'Culture of sexism within Fine Gael'

'Culture of sexism within Fine Gael'
Barry Walsh has quit the Fine Gael executive council

A FORMER Fine Gael member has said a culture of sexism still exists in the party, after a member of its executive council quit over his abusive tweets directed at women.

Michelle Ní Chonaill made her claim after Barry Walsh, who is originally from Mitchelstown but now living in Dublin, resigned from his internal party post yesterday. He had come under pressure after a series of his tweets emerged, which included targeting pro-choice women, and directing the word ‘bitch’ at a number of female TDs.

However, Ms Ní Chonaill, a former member of Fine Gael and Young Fine Gael in UCC, said this type of behaviour is not isolated to just one person

“The Fine Gael standpoint that this is unacceptable behaviour is welcomed, but their position that it is isolated or one bad egg is not. Sexism is systematic, very rarely isolated and protected by pack mentality,” she said, adding that she left the party after a number of years of men telling her it was not appropriate to raise issues like abortion in certain settings.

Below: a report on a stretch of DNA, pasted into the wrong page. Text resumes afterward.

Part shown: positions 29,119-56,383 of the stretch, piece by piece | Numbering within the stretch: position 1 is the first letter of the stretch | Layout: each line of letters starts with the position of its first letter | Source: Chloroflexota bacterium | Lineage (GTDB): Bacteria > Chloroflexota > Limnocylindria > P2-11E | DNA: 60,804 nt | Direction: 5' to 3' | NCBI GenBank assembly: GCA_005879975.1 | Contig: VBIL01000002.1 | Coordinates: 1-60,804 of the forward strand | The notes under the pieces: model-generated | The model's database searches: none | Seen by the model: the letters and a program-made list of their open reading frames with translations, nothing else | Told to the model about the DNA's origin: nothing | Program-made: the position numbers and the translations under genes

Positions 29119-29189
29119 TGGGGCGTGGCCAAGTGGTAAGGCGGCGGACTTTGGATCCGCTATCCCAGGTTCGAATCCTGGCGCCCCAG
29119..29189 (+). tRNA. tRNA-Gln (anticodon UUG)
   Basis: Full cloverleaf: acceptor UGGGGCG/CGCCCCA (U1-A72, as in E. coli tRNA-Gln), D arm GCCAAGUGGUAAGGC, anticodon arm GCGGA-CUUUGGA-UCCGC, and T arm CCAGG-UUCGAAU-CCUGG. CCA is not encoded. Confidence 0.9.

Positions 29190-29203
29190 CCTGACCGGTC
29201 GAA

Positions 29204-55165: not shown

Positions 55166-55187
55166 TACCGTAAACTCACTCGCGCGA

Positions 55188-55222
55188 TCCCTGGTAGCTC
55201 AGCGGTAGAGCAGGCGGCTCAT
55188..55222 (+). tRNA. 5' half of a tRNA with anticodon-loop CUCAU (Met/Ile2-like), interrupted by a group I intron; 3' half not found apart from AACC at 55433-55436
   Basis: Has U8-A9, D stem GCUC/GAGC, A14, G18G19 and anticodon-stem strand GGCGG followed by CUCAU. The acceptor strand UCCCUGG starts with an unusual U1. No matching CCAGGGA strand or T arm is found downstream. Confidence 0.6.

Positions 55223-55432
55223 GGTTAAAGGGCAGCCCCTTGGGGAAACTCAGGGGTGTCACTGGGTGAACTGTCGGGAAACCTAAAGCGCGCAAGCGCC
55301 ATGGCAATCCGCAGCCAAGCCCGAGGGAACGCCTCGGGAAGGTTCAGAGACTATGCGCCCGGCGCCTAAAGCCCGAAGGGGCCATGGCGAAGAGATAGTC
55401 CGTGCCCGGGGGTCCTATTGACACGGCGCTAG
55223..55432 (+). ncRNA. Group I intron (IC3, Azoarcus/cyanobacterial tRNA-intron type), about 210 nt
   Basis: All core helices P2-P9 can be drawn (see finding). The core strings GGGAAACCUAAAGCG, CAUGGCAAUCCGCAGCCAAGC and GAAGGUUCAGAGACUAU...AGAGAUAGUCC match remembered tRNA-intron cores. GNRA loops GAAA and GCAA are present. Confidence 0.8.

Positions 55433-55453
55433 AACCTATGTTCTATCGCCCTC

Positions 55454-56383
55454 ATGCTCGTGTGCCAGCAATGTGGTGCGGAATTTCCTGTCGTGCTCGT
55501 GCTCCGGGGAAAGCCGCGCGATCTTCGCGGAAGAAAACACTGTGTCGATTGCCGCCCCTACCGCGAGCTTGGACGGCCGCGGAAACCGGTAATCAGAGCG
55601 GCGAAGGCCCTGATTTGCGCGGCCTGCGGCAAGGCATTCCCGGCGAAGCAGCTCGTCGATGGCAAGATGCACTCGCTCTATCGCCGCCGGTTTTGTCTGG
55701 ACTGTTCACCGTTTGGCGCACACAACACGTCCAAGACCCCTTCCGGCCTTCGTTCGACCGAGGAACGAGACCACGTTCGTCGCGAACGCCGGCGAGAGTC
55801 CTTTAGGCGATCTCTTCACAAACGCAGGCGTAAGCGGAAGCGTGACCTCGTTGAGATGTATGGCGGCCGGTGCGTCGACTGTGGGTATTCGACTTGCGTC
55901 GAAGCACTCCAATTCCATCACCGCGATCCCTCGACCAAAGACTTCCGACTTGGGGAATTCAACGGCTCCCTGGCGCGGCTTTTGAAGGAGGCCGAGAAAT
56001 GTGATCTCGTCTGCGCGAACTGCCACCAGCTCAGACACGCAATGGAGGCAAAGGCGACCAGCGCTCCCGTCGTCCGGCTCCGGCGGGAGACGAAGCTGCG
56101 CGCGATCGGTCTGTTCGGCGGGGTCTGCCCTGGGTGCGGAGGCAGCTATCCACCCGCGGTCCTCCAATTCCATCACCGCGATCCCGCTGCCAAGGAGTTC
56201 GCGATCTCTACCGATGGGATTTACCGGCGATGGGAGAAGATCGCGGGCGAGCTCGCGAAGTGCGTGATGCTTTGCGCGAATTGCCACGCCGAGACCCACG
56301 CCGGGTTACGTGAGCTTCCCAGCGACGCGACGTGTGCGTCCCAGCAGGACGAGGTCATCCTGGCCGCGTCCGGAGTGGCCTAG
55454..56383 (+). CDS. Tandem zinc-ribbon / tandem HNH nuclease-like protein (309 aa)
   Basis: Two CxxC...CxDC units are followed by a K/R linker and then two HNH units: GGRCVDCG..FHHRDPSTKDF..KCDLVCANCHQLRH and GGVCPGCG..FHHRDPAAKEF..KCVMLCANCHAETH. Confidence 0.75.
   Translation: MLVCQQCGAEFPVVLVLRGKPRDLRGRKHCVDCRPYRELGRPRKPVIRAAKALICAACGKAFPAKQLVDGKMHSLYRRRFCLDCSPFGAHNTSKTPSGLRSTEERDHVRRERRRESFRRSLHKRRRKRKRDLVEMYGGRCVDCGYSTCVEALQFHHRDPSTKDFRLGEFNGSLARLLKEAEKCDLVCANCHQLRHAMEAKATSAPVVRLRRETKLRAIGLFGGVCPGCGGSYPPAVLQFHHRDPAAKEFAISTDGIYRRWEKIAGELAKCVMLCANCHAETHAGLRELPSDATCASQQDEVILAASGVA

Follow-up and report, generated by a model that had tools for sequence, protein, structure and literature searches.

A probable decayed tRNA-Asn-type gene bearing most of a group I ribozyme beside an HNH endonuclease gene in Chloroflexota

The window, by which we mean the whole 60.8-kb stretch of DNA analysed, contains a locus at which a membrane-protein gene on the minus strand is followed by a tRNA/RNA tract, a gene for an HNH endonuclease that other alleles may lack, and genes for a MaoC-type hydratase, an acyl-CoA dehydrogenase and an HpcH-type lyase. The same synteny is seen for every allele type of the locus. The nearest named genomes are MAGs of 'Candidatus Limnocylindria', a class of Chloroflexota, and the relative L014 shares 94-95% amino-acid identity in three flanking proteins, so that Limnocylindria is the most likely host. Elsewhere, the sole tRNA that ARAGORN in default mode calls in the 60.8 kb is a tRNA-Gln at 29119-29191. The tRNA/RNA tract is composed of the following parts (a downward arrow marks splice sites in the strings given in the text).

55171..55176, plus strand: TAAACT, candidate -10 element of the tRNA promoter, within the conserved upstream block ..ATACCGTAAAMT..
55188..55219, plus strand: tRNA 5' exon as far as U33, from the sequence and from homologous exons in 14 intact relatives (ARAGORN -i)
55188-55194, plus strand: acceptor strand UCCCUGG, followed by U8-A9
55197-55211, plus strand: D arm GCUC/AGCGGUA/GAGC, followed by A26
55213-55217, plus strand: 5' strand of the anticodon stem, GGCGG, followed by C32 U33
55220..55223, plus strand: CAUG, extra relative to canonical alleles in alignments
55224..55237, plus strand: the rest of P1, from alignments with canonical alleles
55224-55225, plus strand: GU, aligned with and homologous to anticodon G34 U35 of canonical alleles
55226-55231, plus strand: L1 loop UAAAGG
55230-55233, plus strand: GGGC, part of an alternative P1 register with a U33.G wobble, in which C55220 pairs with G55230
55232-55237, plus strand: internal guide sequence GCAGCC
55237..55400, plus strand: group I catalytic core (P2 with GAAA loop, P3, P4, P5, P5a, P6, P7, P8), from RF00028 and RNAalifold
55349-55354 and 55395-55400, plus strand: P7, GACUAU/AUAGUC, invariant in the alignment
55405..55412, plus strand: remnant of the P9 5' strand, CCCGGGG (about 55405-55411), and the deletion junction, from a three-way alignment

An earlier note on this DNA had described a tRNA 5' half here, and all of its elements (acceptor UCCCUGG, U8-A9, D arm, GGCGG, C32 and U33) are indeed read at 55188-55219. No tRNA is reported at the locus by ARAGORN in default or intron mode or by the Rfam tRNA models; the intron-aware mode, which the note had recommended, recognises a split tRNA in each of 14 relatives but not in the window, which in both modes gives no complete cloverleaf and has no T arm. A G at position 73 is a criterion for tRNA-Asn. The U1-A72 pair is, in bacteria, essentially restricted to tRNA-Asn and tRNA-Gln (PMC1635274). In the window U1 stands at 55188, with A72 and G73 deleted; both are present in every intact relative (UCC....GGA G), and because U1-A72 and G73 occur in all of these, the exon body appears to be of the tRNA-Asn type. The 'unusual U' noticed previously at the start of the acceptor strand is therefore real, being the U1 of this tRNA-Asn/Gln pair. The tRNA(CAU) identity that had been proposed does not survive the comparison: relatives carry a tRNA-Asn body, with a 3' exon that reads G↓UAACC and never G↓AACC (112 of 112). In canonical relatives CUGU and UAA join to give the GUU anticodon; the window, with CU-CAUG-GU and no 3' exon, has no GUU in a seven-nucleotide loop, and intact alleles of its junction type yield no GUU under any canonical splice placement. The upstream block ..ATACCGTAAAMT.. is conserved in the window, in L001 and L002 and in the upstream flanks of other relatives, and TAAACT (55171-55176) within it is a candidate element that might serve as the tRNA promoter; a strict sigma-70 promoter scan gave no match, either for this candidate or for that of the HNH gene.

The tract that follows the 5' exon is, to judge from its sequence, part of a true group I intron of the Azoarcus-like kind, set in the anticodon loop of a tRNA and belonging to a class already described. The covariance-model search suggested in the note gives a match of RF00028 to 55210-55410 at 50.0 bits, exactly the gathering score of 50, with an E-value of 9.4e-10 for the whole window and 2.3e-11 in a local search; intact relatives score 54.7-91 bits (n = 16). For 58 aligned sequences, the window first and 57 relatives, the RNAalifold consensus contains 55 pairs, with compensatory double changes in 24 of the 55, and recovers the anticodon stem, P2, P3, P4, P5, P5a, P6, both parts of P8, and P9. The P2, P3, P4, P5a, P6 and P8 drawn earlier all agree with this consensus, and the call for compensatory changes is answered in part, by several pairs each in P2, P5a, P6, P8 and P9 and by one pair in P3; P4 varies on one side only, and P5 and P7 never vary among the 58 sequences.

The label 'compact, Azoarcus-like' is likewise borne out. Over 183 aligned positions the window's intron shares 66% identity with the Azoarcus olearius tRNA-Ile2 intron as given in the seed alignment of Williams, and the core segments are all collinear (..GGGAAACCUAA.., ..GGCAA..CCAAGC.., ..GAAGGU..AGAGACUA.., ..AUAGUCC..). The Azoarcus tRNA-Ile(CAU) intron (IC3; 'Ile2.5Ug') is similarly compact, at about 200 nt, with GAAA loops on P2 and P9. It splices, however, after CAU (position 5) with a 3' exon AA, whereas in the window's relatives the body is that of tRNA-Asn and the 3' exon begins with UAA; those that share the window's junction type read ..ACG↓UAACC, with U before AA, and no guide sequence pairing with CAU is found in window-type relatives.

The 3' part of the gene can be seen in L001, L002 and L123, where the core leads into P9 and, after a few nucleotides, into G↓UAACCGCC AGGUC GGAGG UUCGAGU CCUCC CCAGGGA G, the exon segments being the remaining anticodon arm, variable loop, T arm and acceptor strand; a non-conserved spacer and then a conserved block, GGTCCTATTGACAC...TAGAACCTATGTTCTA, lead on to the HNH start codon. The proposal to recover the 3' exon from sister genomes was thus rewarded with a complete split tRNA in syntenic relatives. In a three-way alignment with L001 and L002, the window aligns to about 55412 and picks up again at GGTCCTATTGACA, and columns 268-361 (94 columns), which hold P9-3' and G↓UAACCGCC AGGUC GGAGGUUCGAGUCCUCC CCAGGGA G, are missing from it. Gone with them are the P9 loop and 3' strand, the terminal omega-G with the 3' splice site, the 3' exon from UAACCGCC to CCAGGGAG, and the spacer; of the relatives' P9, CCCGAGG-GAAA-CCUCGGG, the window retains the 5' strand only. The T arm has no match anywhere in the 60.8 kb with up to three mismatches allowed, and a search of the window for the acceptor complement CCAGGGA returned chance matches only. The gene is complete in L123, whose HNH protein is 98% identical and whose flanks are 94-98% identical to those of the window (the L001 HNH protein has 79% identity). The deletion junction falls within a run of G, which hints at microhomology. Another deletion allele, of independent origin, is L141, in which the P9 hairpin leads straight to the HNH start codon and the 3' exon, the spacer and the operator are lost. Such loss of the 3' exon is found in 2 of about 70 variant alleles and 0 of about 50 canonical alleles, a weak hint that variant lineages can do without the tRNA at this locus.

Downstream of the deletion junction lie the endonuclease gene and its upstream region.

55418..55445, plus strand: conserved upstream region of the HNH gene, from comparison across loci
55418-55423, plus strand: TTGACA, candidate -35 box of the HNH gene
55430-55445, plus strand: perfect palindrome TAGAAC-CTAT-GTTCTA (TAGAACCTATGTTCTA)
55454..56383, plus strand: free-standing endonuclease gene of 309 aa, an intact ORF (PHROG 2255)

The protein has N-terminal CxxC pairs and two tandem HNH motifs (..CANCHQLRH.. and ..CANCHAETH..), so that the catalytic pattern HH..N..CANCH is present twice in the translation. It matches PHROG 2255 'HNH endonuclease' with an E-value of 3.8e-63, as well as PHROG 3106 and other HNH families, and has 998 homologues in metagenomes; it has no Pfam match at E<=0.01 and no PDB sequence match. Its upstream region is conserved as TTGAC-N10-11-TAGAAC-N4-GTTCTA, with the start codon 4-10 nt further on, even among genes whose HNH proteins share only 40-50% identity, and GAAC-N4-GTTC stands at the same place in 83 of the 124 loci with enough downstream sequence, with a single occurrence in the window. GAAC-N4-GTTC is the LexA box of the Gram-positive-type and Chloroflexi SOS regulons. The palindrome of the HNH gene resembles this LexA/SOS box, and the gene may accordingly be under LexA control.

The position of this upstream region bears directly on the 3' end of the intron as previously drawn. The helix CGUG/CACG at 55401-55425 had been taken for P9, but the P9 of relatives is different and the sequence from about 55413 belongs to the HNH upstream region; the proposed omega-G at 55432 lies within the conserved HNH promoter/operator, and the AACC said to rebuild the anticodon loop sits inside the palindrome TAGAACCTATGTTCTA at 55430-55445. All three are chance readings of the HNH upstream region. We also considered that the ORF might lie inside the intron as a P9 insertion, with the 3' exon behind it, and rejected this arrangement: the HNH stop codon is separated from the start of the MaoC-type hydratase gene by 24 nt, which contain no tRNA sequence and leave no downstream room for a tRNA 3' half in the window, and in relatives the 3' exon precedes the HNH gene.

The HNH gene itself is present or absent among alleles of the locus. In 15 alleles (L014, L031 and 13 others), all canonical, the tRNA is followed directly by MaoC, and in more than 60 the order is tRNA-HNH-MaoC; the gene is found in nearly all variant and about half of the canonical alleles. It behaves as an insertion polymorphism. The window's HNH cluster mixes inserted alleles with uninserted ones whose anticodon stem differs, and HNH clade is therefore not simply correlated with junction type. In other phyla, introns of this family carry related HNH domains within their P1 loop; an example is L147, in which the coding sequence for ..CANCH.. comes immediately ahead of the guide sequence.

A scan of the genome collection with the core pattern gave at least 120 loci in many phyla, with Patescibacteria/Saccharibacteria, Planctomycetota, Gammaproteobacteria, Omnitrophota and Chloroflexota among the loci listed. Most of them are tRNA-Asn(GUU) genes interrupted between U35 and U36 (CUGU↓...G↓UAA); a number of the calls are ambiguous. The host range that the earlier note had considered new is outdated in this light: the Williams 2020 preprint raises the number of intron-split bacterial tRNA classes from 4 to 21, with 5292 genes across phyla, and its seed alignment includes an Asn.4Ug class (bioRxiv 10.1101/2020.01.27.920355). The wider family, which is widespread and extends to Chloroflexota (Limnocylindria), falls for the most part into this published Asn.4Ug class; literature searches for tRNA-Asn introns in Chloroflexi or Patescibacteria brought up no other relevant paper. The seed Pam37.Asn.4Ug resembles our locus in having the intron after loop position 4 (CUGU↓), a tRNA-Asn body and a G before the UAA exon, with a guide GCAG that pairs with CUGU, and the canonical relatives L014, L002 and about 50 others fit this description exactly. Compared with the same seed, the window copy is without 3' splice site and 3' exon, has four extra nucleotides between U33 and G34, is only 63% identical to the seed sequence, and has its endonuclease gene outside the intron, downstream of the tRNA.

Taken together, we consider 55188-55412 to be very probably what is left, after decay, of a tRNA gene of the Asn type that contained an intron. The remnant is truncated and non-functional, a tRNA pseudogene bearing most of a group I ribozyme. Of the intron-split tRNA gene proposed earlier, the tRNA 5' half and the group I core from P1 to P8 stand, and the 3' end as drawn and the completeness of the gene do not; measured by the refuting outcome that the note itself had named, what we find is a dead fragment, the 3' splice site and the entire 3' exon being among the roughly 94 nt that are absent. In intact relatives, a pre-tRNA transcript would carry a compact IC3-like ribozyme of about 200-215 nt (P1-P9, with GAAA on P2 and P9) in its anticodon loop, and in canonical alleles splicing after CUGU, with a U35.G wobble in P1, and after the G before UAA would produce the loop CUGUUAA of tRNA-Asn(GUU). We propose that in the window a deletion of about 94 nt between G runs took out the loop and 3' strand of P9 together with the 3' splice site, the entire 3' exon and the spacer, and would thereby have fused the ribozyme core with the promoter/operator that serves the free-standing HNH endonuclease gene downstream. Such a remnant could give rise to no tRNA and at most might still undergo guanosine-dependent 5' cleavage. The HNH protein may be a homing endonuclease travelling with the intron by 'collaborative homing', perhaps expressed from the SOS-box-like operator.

“The root of the problem is that both male and female members fail to recognise privilege, which is apparent in a lot of their economic views, but also in their social views.

“The ‘work hard, early riser, bootstrap’ mentality is dangerous in terms of sexism as it creates the false sense to a woman that she has not succeeded or been listened to because she has not worked hard enough, failing to account for the barriers society has created for women.”

Mr Walsh stood down yesterday soon after party leader Leo Varadkar said he should resign from his post. In a statement, Mr Walsh said he had been subjected to a “trial by media” but acknowledged that his language was offensive.

“I realise that some of my remarks have caused serious offence to many people and I apologise unreservedly for that.

“I first got involved in politics because I have passionate views on many issues and have always enjoyed robust political debate.

“However, I accept that with many of these tweets I took the political jousting a step too far,” he said.

Seanad leader, Jerry Buttimer, who is also a member of the executive council, said there needs to be a discourse about how party members, as well as others, use social media.

“Some people believe they can say and do what they want on social media, but it can have a profound effect on people,” he said.

Mr Buttimer added that the party will carry out an internal investigation into Mr Walsh’s behaviour and report back to the executive council.

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